How To Create A Brand Voice
Updated: Apr 30
"Can you hear me now??" Why it's important to develop a brand voice
Let's start with a definition. What exactly is a brand voice? Here's the first definition that comes up on Google: "A brand voice is the personality and emotion infused into a company's communications. It encompasses everything from the words and language you use, to the personality and image your marketing assets aim to invoke."
As you can see from that definition, a brand voice is pretty important. In my Content Workshops, the first thing I talk about is brand voice. It can often be the difference between really resonating with your target audience and sounding a bit out-of-step.
For example, let's take the following sentence: "Our product is highly regarded as the most advanced and has a multitude of recommendations". This is pretty formal and would probably fit best for a serious product. A financial advisor or drug company may use it. Let's say the same thing that may fit a more casual style: "Not to blow our own horn, but our product is awesome – see what people are saying on Instagram!" See the difference? That's the power of having the right brand voice.
Steps to develop your own brand voice
How do you develop a brand voice that really resonates? Here's a few questions you can ask to find what your brand voice should be:
Take a look at your customer set. What are their demographics? Are they young or a bit older? Do they live in an area that speaks a certain way or uses certain terms?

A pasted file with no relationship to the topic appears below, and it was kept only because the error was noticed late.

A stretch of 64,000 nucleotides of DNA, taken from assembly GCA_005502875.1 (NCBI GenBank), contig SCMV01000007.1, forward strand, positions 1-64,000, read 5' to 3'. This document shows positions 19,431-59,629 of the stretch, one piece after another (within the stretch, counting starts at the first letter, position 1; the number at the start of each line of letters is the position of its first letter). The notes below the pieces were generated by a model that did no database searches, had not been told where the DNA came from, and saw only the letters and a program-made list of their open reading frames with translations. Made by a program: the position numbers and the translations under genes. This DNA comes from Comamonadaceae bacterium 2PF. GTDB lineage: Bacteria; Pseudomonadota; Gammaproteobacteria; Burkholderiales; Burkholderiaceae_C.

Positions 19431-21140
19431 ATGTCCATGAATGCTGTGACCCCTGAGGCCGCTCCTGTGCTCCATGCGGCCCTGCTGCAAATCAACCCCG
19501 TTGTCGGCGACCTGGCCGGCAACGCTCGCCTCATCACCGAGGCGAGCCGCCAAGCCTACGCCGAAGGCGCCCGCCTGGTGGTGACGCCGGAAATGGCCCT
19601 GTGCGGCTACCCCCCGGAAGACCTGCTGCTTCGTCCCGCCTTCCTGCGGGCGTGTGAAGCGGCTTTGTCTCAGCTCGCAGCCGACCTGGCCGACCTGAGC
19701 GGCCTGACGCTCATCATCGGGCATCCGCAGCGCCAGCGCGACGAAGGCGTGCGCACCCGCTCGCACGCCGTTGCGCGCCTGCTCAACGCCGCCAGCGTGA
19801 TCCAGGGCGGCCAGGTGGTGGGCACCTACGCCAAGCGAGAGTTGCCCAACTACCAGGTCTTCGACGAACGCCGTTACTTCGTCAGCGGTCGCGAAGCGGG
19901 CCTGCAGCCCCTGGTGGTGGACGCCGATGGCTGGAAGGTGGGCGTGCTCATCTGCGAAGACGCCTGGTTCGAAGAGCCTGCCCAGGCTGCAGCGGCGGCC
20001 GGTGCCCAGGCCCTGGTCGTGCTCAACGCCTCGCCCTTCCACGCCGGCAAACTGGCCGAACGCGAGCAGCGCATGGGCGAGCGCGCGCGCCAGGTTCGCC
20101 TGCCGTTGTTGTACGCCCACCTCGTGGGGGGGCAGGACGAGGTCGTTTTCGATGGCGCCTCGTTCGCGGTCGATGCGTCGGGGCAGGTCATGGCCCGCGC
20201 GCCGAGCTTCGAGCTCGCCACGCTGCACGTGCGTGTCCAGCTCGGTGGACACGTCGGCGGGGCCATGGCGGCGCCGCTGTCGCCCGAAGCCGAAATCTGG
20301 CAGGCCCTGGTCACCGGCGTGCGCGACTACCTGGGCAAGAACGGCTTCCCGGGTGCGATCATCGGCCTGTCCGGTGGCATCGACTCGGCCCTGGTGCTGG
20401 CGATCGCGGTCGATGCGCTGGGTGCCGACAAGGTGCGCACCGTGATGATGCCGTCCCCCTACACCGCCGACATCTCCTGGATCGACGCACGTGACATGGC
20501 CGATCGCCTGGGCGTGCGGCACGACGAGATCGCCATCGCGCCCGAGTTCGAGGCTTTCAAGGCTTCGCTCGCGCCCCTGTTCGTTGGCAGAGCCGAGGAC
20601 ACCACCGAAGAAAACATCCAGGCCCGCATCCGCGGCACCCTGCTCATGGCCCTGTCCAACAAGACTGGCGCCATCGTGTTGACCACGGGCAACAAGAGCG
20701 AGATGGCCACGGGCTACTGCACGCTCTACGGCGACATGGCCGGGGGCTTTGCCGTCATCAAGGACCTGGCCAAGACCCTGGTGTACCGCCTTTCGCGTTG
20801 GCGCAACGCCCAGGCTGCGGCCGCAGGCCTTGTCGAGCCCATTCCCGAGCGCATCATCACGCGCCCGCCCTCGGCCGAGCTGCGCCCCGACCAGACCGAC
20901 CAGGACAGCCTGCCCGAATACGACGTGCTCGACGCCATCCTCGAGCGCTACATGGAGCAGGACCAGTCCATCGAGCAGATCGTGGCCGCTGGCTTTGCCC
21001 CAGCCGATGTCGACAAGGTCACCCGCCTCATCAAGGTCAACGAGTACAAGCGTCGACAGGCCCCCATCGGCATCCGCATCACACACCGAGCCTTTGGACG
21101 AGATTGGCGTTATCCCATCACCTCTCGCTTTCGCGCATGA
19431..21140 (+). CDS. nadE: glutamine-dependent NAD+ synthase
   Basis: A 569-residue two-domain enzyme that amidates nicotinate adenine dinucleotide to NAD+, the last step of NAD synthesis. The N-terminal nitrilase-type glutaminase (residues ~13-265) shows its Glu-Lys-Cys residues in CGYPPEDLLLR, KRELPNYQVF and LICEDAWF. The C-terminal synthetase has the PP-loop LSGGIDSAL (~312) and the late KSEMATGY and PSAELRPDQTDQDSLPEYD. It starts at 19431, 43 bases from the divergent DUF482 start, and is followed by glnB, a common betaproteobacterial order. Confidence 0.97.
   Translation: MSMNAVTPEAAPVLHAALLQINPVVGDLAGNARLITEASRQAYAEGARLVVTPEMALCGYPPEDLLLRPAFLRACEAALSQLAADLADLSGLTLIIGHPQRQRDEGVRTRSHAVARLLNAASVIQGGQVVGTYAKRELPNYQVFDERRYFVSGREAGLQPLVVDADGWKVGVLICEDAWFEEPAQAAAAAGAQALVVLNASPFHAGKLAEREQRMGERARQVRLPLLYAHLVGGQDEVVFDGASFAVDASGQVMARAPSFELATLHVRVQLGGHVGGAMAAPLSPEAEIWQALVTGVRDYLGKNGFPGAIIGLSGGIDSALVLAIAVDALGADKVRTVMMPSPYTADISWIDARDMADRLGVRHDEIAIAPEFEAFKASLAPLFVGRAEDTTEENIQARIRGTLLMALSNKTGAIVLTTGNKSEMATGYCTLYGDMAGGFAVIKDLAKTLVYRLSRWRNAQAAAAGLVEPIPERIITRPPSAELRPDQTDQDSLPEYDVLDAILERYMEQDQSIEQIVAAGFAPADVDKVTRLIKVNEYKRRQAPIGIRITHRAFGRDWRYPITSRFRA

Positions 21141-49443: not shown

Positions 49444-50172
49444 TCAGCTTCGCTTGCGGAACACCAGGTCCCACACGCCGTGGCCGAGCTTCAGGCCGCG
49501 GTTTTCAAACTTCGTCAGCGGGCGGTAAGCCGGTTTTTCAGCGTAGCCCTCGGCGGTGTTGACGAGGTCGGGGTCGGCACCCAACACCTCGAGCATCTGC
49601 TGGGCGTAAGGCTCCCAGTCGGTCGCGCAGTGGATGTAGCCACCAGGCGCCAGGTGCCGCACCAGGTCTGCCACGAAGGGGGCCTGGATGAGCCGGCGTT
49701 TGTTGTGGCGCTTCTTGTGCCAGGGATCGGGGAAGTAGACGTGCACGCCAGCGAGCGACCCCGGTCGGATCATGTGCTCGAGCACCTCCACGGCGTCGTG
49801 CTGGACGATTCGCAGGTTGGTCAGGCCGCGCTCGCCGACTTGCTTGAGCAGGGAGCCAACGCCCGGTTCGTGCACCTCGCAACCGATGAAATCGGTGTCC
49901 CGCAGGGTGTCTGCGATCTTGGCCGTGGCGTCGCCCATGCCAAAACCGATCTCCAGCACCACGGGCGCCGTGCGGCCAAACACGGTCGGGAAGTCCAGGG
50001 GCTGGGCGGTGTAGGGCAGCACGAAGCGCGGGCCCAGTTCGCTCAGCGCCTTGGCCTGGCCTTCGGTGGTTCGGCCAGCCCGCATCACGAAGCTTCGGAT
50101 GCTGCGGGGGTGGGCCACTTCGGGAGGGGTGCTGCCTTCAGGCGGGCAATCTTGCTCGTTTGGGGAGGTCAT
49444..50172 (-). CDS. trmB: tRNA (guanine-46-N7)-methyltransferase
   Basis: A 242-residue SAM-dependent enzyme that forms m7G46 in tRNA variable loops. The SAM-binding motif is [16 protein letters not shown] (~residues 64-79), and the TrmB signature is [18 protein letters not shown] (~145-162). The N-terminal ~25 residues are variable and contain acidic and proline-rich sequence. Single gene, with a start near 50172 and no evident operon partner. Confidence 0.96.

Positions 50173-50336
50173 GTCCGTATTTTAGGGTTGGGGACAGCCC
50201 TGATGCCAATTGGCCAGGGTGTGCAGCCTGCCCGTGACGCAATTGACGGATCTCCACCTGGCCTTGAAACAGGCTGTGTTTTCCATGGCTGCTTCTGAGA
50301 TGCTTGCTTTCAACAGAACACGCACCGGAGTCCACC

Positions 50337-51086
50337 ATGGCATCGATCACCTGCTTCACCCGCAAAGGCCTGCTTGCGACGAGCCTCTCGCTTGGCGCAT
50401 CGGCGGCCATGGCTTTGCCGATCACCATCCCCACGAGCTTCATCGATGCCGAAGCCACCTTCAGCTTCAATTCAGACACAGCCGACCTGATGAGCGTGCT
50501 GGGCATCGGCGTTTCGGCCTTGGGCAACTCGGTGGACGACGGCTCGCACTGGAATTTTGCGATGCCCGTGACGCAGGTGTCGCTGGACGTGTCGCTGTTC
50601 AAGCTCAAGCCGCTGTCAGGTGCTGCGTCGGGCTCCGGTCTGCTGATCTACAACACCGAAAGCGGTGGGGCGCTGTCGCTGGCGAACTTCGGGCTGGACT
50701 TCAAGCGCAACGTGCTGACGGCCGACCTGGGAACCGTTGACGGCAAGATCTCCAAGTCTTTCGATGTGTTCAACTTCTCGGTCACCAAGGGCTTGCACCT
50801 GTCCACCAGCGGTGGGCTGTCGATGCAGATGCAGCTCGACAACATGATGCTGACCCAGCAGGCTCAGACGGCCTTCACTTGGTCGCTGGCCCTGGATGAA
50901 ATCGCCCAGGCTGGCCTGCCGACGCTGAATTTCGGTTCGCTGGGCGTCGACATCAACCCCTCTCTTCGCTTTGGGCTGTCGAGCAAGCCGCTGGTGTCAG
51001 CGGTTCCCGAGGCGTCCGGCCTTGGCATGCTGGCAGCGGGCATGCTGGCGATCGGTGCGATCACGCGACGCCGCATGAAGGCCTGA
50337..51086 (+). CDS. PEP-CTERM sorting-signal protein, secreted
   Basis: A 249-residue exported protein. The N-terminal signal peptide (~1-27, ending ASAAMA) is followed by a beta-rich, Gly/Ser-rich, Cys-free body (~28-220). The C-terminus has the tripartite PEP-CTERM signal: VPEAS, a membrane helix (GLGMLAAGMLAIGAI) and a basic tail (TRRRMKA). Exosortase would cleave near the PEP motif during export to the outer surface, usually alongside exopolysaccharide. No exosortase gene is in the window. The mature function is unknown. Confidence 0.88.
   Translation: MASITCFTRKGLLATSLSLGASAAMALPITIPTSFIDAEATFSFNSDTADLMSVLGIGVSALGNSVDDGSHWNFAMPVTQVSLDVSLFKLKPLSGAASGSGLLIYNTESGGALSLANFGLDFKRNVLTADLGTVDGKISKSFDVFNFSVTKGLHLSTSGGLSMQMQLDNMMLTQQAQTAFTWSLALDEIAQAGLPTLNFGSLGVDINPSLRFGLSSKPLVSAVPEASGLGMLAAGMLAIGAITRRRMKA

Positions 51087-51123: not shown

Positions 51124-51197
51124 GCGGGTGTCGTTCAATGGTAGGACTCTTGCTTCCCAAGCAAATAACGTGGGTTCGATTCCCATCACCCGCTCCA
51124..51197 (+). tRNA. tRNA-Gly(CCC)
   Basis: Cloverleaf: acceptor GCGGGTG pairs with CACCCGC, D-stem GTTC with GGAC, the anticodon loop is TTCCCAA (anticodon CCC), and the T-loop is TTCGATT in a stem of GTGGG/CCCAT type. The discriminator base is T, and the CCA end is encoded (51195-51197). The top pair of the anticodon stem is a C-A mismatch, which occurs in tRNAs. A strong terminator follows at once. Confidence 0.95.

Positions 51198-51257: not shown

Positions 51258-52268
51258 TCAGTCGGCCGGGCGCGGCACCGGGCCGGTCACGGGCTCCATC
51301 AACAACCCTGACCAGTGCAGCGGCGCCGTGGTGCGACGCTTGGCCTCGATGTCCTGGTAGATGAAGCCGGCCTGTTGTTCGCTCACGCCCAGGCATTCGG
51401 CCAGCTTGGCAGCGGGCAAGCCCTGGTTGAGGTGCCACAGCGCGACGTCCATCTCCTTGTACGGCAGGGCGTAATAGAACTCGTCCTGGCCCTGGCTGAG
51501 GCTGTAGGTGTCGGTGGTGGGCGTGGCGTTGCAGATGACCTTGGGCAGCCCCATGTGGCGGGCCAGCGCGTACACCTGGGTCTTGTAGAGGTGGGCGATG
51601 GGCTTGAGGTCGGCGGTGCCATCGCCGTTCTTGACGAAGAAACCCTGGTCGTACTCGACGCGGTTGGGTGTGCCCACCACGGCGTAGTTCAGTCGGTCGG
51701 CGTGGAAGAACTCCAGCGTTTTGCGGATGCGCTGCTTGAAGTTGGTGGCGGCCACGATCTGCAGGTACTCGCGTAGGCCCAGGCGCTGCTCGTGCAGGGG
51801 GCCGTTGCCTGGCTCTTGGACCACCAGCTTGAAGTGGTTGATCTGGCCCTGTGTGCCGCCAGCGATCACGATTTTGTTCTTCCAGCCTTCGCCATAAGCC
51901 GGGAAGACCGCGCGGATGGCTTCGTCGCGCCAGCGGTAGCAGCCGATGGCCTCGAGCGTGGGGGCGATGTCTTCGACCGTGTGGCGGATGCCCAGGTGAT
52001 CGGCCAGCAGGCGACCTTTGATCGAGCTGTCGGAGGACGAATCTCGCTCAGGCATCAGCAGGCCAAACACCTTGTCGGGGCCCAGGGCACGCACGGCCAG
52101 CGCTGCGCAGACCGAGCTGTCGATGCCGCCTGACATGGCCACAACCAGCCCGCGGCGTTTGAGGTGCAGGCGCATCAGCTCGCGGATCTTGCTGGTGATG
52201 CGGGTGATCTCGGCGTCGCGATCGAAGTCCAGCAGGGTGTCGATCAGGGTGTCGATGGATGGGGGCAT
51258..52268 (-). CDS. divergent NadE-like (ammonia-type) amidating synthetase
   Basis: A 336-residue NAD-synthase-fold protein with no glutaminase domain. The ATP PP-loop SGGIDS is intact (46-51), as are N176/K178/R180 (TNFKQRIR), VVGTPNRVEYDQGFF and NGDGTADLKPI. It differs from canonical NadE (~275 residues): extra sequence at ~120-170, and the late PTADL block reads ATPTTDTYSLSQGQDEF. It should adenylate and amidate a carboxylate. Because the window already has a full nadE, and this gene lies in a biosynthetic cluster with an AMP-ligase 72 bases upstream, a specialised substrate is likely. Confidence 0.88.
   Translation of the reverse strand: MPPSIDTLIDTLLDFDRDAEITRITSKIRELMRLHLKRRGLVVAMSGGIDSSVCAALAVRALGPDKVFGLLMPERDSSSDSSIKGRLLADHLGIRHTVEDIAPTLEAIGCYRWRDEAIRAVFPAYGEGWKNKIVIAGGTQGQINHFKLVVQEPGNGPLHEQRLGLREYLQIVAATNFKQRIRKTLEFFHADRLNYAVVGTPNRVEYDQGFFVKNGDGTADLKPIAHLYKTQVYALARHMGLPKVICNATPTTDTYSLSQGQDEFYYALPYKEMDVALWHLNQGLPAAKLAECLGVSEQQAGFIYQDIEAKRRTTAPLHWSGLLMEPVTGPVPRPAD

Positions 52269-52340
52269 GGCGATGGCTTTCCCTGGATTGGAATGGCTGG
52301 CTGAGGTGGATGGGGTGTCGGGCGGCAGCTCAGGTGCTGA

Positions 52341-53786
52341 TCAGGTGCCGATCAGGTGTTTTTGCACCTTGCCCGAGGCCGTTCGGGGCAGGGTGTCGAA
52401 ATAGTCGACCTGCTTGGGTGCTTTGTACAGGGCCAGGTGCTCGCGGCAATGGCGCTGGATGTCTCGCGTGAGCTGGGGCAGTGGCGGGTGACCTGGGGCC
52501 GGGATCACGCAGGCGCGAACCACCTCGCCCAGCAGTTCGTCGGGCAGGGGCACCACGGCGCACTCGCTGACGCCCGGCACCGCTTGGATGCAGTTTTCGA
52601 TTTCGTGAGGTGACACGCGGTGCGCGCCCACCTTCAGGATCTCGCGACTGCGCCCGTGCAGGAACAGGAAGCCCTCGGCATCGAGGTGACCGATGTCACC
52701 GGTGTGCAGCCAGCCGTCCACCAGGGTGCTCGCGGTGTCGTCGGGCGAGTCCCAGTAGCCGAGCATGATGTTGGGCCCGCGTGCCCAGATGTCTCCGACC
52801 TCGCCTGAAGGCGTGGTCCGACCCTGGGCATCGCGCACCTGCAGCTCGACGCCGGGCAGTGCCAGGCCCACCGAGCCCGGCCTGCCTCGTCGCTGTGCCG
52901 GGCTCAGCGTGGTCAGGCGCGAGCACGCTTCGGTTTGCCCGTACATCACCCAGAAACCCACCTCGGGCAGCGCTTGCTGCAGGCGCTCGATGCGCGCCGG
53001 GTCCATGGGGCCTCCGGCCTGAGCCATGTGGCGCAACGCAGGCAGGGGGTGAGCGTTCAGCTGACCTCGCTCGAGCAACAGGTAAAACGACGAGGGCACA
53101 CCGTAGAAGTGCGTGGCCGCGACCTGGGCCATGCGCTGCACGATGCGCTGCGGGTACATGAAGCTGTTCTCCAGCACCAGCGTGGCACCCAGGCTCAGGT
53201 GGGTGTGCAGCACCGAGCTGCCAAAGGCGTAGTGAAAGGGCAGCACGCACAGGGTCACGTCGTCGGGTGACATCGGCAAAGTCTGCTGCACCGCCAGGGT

What is the product or service you are selling? This may seem obvious, but if you're selling a wellness solution, you need to use a different voice than if you're selling a financial product.
Is your product selling a certain emotion? For instance, is it meant to soothe and provide peace of mind... or is it more active?
Do you want to inspire people to feel adventurous or calm?
Some tips to create a brand voice that resonates:
For Business to Business companies, brand voice tends to be a bit more formal
For Direct to Consumer, it tends to be more casual. Just how casual depends on the product you're selling.
Never use fear as a consistent part of your brand voice. Tapping into pain points is effective, but fear tends to turn people off if it's used too often.
Be consistent in your brand voice. Don't use one voice for social media and another one for your newsletters. For instance, the brand voice I use for Marquette is more conversational than business-like. I want my personality to come through in my communications. But, when I was with GE Capital, it was a great deal more formal.
Reach out with any other tips or examples of the brand voice you use. Or let me know if you need help with developing a consistent brand voice for your business!